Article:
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eurikain
14-07-2015, 12:35 PM
Hi,

I've seen belt drive, ballscrew, rack and pinion, but what about chain ? Guys at build-your-cnc use chain drive.

For a large steel CNC, would chain drive be a possible option, at least on X and Y, considering using a large chain (like those found on dirtbikes.

Would belt drive be an alternative ? If yes, which type of belt would you use for a 2x1.5x0.3m work area ?

And if all else fails, what is the cheapest drive system you could use on such a work area ?

Thanks a lot for your help !

Procato
14-07-2015, 02:27 PM
https://www.youtube.com/watch?v=d13SGoGt0tU

eurikain
14-07-2015, 09:08 PM
Looks nice ! But the sliding system seems a bit odd isn't it ? Why doesn't anyone use chain drive out there ? So rare to see it. Popular belief is that it flexes a lot and doesn't have enough torque, but dirt bikes use extremely resistant high torque chains, dans when under enough tension, little resonance will be seen, and no flex as it is made of steel.

m_c
14-07-2015, 10:22 PM
It's just not as good a choice considering the other options.
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Biggest issue I can think of now, are if you adjust chain tight enough to eliminate backlash, then you'll get binding, so you always need to run with a bit play otherwise you'll get accelerated wear. It also needs lubricated, which generally leads to dust/dirt sticking to it (I know there are dry lubes available, but you nearly always get left with some form of sticky residue). And they need regular adjustment.
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Ultimately, belts are usually easier to implement, and longer lasting with less maintenance needed, for similar money.

eurikain
15-07-2015, 09:21 AM
So belt would be a better choice then, price wise equivalent ? Would AT/HTD belt a good choice ? GT would be a no go for this kind of work area (2x1.5 xy) ? 25mm or 30mm width belt ?

michaelw
15-07-2015, 11:32 AM
Much depends on the speed , rigidity and accuracy that you want to achieve and on design of the motor/controller/feedback system .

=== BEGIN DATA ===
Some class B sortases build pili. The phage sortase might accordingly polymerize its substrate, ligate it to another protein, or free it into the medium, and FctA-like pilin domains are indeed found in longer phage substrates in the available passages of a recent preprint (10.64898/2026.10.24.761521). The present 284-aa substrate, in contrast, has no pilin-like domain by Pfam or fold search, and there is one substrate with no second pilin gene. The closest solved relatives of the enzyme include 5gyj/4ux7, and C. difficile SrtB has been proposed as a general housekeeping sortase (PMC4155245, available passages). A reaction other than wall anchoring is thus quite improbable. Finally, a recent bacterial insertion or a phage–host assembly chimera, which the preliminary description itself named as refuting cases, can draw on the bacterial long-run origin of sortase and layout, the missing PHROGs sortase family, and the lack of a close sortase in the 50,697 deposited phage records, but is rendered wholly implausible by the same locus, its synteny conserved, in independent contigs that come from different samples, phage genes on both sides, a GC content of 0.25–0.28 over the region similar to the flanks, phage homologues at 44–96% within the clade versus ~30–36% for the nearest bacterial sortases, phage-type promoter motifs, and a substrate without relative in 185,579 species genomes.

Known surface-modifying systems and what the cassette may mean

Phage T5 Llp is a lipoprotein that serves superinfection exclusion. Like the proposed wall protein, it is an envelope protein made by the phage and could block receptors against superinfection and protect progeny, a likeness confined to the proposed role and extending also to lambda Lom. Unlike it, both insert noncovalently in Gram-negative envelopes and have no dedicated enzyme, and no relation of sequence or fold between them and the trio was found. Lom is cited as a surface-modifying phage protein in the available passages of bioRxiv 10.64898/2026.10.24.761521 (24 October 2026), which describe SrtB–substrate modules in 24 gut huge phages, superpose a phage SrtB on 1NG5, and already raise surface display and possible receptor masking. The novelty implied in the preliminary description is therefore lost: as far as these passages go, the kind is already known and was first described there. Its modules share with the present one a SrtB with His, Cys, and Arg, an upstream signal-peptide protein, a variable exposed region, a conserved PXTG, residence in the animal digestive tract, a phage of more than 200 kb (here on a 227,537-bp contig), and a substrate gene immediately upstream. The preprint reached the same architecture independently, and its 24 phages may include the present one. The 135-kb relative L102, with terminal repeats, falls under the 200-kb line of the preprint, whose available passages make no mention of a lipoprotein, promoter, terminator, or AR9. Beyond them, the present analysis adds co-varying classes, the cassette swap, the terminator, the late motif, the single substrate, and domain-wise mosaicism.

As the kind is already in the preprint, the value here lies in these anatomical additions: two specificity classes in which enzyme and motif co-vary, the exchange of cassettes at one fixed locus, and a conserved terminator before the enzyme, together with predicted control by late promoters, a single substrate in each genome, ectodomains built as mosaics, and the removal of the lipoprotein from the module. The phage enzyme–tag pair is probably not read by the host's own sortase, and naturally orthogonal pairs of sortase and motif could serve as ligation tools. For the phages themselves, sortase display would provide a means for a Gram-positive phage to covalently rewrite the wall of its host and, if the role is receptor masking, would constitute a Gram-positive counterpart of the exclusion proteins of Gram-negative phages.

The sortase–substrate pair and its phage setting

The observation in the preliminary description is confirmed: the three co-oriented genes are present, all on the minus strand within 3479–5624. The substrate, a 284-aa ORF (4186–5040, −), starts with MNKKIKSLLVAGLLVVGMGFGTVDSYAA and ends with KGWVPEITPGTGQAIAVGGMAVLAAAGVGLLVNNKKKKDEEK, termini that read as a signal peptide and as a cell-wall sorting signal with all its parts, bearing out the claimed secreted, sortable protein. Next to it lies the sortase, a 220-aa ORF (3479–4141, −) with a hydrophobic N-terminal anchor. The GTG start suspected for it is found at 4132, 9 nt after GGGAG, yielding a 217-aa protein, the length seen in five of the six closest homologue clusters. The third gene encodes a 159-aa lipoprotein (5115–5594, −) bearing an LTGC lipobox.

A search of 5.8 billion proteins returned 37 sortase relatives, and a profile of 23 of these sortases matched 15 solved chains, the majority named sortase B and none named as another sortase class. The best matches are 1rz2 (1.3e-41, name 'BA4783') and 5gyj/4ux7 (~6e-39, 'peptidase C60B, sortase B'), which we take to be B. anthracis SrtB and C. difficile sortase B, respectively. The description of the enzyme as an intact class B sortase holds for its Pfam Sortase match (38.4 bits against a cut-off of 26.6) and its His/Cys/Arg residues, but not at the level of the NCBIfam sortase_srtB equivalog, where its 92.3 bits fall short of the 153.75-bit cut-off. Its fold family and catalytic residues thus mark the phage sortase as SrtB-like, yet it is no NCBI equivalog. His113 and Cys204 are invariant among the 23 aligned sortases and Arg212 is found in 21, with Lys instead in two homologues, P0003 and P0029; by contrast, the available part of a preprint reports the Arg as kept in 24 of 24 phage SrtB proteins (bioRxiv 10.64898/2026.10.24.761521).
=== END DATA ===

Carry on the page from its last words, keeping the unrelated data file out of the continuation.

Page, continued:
A rough and ready machine can use a variety of basic motion drives but as requirements get more demanding then higher quality drives are needed .

Also a machine running closed loop with independent position feedback is usually a little more tolerant of basic motion drives than a machine running open loop and which is dependent on the intrinsic accuracy of the screw/chain/belt .

Incidentally a cheap motion drive for undemanding applications and smaller machines which is often overlooked is the friction screw - just lengths of coarse pitch studding and simple nuts with backlash adjustment .

eurikain
15-07-2015, 01:42 PM
Interesting :) I have Nema23s 3.1NM, with 24V-36VDC 0.9A~3.0A Stepper Motor Driver (model CW230). I don't know much about which kind of power is needed for a belt drive, but most designs I have seen use this setup (except maybe for the steppers). I suppose that correctly chosen gear reduction will do the job :)

njhussey
15-07-2015, 02:37 PM
Interesting :) I have Nema23s 3.1NM, with 24V-36VDC 0.9A~3.0A Stepper Motor Driver (model CW230). I don't know much about which kind of power is needed for a belt drive, but most designs I have seen use this setup (except maybe for the steppers). I suppose that correctly chosen gear reduction will do the job :)
If you're looking at making a "large steel" CNC machine then you'll struggle to get any performance from 24-36V drivers....you'll need 70V to get any sort of performance. What do you class as a large steelmachine?

Edit: for a 2 x 1.5 machine you'll need higher voltage drivers and PSU.